TV fishing host Paul Worsteling is struck by lighting while filming


Scary moment TV fishing host is struck by lighting while filming on a boat: ‘I can hear the static crackling in the air’

  • Experienced fishing show host Paul Worsteling shocked by lightning on boat 
  • The 48-year-old shared a clip of the moment to YouTube in last week 
  • While fishing off Victoria, storm rolls over and air ‘crackles’ with static charge










The moment an Australian fishing show host is struck by lightning while casting his rod on a fishing boat has been caught on video. 

Paul Worsteling is a familiar face to most fishing fans having featured on the angling show Escape with ET, co-presented Rex Hunt’s Fishing Adventures and fronted his own program IFISH for more than a decade. 

The 48-year old was fishing off Victoria’s coast with his son Jett when a storm swept over, filling the air with so much static electricity that his line ‘rose up into the air like a rainbow’. 

Paul Worsteling (pictured with his wife Cristy) is a popular Australian fishing show host having fronted television programs for more than a decade

Paul Worsteling (pictured with his wife Cristy) is a popular Australian fishing show host having fronted television programs for more than a decade

‘My line is coming off the rod tip going up 15 metres in the air like a big bow and then into the water.’ he says in the video uploaded to YouTube last week. 

‘I can hear the static crackling in the air.’

The boat appears to be a few hundred metres off shore and lightning can be seen in the distance as storm clouds roll over.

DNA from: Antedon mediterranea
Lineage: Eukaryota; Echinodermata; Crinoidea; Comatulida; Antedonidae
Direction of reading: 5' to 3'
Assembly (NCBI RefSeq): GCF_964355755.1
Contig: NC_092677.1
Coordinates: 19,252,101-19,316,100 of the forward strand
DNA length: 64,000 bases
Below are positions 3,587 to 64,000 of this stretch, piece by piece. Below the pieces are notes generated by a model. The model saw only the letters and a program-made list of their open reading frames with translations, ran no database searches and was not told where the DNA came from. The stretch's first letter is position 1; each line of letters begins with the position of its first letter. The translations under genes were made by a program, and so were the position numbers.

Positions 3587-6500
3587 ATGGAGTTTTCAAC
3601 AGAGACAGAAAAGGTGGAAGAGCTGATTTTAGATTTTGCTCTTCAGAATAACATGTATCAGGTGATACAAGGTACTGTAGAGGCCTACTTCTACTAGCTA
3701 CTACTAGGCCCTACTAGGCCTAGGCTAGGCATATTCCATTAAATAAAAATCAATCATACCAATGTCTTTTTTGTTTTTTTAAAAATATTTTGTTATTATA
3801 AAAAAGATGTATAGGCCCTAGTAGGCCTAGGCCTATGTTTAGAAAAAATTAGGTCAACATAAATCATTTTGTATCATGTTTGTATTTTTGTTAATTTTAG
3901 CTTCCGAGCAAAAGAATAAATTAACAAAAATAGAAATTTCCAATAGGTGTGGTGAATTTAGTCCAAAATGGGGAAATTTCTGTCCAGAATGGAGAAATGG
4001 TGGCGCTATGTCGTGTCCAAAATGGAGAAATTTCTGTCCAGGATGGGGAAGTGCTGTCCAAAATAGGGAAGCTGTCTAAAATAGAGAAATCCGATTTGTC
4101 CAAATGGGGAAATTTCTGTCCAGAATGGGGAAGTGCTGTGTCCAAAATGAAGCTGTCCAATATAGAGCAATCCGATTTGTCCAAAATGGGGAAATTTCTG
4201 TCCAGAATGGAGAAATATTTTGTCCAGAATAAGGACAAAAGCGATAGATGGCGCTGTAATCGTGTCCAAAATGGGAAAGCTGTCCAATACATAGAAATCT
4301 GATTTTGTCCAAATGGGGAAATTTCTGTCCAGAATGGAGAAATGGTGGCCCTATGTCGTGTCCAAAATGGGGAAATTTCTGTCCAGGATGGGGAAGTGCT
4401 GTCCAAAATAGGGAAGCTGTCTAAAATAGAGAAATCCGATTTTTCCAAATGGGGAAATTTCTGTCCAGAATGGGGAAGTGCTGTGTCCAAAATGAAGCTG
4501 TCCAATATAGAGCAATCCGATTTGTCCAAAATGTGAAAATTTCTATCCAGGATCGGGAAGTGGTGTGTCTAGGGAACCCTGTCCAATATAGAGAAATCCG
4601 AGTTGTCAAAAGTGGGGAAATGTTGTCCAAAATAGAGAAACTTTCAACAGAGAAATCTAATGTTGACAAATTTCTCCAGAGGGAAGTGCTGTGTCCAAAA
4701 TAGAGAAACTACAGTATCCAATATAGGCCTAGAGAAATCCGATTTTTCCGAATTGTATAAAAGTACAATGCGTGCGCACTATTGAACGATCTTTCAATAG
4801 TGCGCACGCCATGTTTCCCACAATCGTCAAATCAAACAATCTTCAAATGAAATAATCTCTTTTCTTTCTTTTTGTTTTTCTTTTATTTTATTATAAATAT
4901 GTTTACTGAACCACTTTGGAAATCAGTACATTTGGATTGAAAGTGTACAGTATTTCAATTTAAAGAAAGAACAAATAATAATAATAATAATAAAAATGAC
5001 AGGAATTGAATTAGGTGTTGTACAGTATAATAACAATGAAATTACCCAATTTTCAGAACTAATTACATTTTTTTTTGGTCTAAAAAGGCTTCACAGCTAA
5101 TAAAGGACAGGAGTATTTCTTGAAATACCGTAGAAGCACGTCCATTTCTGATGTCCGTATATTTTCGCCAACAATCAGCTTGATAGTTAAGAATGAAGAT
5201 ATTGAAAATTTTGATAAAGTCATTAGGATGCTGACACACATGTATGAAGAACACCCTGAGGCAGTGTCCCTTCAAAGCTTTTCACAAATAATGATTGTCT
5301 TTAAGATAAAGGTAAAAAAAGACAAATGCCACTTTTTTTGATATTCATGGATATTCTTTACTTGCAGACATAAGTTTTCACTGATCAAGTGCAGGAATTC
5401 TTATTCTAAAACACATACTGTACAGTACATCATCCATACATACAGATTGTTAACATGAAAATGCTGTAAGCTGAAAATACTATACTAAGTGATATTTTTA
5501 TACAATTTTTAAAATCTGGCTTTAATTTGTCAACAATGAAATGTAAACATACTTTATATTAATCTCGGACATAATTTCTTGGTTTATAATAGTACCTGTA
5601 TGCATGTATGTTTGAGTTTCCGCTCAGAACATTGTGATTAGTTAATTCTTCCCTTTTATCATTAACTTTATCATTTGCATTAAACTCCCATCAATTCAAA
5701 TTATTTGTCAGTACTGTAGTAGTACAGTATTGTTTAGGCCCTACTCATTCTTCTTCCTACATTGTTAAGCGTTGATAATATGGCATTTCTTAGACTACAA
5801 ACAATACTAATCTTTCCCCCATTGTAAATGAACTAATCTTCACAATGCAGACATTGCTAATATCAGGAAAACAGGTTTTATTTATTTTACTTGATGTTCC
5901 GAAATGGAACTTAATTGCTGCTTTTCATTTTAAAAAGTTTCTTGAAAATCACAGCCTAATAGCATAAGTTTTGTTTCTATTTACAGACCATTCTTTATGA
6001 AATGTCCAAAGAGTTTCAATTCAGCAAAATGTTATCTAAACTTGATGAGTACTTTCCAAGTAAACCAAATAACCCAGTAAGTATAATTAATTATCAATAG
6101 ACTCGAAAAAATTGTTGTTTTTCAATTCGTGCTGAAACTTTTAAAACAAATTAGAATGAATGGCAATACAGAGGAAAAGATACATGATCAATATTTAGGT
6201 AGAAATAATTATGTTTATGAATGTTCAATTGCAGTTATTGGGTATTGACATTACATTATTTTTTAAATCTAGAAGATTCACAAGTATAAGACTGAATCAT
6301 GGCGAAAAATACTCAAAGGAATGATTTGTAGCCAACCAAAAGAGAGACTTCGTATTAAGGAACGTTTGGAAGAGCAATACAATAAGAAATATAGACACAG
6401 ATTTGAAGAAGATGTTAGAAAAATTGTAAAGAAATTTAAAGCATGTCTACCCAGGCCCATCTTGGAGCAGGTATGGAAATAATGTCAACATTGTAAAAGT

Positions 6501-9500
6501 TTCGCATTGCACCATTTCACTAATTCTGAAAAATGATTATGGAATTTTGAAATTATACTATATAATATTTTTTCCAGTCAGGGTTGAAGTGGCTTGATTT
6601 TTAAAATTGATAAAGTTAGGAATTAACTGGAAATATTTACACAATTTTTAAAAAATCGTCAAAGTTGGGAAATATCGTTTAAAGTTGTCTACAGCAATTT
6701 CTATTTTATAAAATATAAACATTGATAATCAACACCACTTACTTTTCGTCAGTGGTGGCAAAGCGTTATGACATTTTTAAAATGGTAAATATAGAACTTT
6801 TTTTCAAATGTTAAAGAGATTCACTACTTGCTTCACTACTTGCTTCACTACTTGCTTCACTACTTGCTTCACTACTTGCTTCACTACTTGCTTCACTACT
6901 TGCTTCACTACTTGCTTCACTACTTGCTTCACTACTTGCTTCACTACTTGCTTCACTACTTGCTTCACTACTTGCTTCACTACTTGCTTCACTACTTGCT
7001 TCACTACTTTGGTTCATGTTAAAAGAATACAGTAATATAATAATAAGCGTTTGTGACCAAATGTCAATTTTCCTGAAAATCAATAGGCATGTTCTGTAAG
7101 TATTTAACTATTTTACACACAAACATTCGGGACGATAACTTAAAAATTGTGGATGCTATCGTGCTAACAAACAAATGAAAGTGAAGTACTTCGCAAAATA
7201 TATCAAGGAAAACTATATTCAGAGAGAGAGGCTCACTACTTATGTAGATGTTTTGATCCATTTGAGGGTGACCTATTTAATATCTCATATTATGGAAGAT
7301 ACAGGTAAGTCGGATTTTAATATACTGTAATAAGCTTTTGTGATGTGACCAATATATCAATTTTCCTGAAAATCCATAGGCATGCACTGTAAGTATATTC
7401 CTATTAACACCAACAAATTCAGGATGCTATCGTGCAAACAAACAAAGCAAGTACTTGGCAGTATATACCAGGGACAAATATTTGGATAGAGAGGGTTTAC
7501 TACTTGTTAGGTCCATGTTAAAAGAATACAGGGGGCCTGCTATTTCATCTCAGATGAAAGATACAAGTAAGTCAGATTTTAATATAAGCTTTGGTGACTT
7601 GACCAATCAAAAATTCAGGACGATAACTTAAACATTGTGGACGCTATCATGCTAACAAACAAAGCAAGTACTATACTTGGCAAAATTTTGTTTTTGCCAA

Mr Worsteling then casts his line into water and immediately violently jolts back. 

‘Just drop it (the rod),’ his son yells. 

‘Did you hear that. I wasn’t carrying on I promise – I just got electrocuted,’ he replies.

The angler casts while off the Victorian coast and is immediately shocked by lightning (pictured)

The angler casts while off the Victorian coast and is immediately shocked by lightning (pictured) 

He explains as the line flies through the air it appears to be generating electricity from the air and channeling it back into the rod, rather than a current from the water.

He then cast his rod again and observes the line ‘just keeps going straight up into the air’. 

‘I’ve never seen anything like it,’ he adds.

‘Electricity is scary, I’m not touching that,’ his son remarks.

The pair then continue to fish rather than heading back to shore as the the storm itself misses them – with the younger Worsteling managing to reel in a gigantic snapper. 

Some commenters said they’d experienced a similar phenomenon. 

‘I’ve had this happen several times fishing plastics for snapper while a thunder storm approaches. The braid just takes off into the air, usually the fish go nuts though. Dangerous but great fun,’ one said.

‘Happened to me a before and even heard a buzzing noise from my reel,’ added another.

Mr Worsteling and his son didn't turn back to shore but kept fishing, reeling in a massive snapper (pictured)

Mr Worsteling and his son didn’t turn back to shore but kept fishing, reeling in a massive snapper (pictured) 

According to NASA, static electricity in the air causes lightning, which is in effect a giant static electrical spark jumping from cloud to cloud or from a cloud to the earth. 

Grant Kirkby, a specialist in lightning risk mitigation, previously told the ABC being on or in the water in a storm is ‘one of the most dangerous places you can be’. 

He said if you are in a small tinnie not much can be done to mitigate a lightning strike, though some larger yachts have earthing points that can direct the charge safely away.

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Written by Bourbiza Mohamed

A technology enthusiast and a passionate writer in the field of information technology, cyber security, and blockchain

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